Minority Male Community College Collaborative to Expand Nationwide

m2c3A new organization has been formed with the goal of increasing opportunities for African American and other minority men at community colleges. Since 2011, The Minority Male Community College Collaborative (M2C3) has partnered with over 45 community colleges in eight states. These partnerships have led to enhanced professional development for faculty and staff, informed interventions for programs serving men of color, and resulted in new funding for initiatives addressing challenges facing these men. Now the organization plans to expand the effort to community colleges throughout the nation.

LukeWood“The call is to join our consortium for community colleges if you are interested in sharing efforts and learning about new strategies for enhancing the success of men of color” said J. Luke Wood, co-director of M2C3. “This innovative group of college leaders will be instrumental in implementing cutting edge practices and policies that are addressing the achievement gap facing underrepresented men”

Dr. Wood is an associate professor of community college leadership and the director of the Doctoral Program Concentration in Community College Leadership at San Diego State University. Dr. Wood holds bachelor’s and master’s degree from California State University, Sacramento and a doctorate in educational leadership and policy studies from Arizona State University.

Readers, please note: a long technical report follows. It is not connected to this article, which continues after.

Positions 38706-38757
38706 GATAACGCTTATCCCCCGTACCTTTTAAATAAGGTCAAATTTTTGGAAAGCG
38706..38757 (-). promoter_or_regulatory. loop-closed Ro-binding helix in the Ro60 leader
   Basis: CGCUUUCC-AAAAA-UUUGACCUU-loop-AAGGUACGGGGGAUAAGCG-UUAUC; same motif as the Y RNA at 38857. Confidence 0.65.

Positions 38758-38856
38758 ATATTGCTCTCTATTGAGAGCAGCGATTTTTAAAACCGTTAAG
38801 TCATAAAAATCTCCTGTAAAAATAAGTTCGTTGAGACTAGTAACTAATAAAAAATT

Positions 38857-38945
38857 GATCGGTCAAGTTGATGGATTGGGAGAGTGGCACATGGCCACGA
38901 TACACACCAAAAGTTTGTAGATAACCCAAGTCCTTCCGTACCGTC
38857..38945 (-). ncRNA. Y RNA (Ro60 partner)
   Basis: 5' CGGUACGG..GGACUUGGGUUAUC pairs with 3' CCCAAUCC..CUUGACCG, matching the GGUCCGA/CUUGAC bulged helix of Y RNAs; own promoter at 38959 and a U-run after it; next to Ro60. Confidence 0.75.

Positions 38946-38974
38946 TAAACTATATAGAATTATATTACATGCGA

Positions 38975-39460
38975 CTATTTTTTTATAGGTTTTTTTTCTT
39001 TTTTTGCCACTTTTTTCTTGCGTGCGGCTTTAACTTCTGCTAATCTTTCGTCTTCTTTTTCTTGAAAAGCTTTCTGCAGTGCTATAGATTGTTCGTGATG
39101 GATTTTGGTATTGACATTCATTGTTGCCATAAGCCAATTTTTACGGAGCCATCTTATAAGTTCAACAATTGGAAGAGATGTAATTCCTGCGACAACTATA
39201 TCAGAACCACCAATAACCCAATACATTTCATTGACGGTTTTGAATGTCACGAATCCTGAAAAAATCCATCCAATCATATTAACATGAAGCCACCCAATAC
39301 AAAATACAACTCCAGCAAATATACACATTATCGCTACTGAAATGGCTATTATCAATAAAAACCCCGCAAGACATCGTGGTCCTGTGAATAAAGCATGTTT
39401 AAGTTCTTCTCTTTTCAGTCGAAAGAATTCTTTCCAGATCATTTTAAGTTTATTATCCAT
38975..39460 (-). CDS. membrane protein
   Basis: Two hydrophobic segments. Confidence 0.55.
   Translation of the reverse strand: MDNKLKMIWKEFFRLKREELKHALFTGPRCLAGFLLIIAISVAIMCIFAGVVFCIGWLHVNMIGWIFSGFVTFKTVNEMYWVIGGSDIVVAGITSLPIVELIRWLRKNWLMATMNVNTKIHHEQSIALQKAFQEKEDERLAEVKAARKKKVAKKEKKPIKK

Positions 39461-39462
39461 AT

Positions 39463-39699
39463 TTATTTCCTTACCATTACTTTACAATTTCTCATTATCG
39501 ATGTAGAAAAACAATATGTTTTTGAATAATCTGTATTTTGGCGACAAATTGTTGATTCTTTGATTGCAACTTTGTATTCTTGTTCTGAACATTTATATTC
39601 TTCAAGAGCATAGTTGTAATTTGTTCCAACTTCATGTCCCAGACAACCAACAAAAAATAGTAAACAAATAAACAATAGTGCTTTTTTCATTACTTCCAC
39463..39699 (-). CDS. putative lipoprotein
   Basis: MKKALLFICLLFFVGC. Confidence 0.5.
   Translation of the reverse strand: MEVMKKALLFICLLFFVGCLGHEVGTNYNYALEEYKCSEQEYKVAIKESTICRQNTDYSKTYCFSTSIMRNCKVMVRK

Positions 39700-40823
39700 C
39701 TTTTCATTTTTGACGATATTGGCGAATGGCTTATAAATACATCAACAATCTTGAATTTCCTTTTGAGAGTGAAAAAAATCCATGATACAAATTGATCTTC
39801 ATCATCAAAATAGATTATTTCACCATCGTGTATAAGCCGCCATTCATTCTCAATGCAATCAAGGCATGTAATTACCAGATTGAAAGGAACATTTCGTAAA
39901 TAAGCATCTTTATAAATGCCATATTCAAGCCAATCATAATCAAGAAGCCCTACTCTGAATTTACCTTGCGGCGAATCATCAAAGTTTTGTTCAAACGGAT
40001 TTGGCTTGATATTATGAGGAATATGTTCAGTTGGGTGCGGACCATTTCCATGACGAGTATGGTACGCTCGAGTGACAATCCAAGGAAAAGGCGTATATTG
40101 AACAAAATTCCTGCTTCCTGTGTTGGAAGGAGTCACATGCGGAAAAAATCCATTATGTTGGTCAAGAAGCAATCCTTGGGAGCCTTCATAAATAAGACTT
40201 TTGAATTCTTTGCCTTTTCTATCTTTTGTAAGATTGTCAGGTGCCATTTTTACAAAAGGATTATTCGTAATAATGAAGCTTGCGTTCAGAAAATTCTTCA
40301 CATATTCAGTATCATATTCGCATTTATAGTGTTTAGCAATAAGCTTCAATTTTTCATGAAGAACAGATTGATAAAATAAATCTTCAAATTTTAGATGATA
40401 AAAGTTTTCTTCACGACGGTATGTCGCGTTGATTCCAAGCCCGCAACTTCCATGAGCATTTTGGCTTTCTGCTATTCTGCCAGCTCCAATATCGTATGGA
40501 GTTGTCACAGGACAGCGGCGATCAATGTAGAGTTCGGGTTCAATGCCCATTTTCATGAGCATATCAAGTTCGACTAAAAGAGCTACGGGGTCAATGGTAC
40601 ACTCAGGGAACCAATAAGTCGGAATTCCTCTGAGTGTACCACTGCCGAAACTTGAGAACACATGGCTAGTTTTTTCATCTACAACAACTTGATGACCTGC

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  1. Hello Dr. Wood,
    I am so excited about the news of your proposed expansion of M2 C3 Collaborative! Although I listen in on the webinars as often as possible, I find your work to be fascinating and much needed. As a scholar-practitioner and researcher with a passion for working with Black male student-athletes attending community colleges, I welcome the opportunity to obtain more information on how I might introduce your organizational philosophy and expansion project to the leadership at my school (State University of New York). Further, as an adjunct instructor at Westchester Community College, having the opportunity to present your program(s) to the leadership at my institution would be an honor and could possibly serve to enhance the current program known as the Black & Hispanic Male Initiative (BHMI), which frankly is in dire need of support and is currently floundering in my opinion.
    Perhaps we could continue and perhaps expand the dialogue on the topic in the near future.
    I look forward to your reply.

    Yours in the struggle,

    Charles W. Richburg, III, Ed.D.

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